Visiting the Venice Art Biennale, it occurred to me that while meeting Cecilia Alemani in Tuscany (here), we had commented on Jeff Bezos’ ridiculous manifestation of masculinity, who had just shot himself into space (and sadly returned). ) with his penis-shaped rocket. It was the summer of 2021 and the atmosphere seemed less heavy than now. The Coronavirus epidemic – which had forced the curator, or rather “the first Italian female curator of the Venice Biennale”, to organize everything from behind a screen, from the studio visits to the selection of works – seemed to be drawing its last breath. , defeated by human intelligence. For many it was the summer of the second dose, we were full of hope and longing for lightness and perhaps also a shy but renewed confidence in ourselves, poor little people. The exhibition titled The milk of dreamshad Alemani explained to me, would have somehow celebrated our capacity for adaptation, metamorphosis and transformation, it would have been “a path based on the representation of bodies and their metamorphoses, the relationship between individuals and technologies, the Links Between Bodies and Land”.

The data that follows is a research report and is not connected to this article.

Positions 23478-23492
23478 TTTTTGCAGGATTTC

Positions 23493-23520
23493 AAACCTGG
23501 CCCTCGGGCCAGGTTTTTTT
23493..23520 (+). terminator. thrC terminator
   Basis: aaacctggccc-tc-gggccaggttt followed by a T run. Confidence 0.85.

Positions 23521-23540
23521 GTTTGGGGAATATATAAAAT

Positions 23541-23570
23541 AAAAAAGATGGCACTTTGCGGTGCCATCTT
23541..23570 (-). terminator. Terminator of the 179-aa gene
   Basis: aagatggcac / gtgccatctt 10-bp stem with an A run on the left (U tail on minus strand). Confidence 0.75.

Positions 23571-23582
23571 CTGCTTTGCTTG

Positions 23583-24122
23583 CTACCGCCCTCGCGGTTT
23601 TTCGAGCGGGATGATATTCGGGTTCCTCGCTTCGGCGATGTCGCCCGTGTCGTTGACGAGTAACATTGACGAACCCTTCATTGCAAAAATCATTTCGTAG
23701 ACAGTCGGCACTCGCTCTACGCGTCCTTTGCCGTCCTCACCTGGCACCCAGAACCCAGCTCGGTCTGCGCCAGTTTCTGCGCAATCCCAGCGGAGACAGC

The title comes from a book by Leonora Carrington, a surrealist painter and writer unknown to most, who acts somewhat as the patron saint and testimony of the exhibition (along with the personal invitation, some received a delicious Adelphi as a gift). The milk of dreams is a book for children, born from the stories the artist wrote and drew on the walls of his nursery: educational stories, in a sense, because they taught children the freedom of imagination and the potentially infinite possibilities to re-imagine our own identity. find . As Cecilia Alemani writes: “To the enlightenment idea of modern man – especially of the male subject, white and European – as the immovable fulcrum of the universe and the measure of all things, [gli artisti e le artiste] they contrast worlds made up of new alliances between different species and inhabited by permeable, hybrid and multiple creatures, such as the fantastic creatures invented by Carrington ». Subject to these terms and conditions, The milk of dreams it is the first Biennale of Art in History with a majority of artists and non-binary people.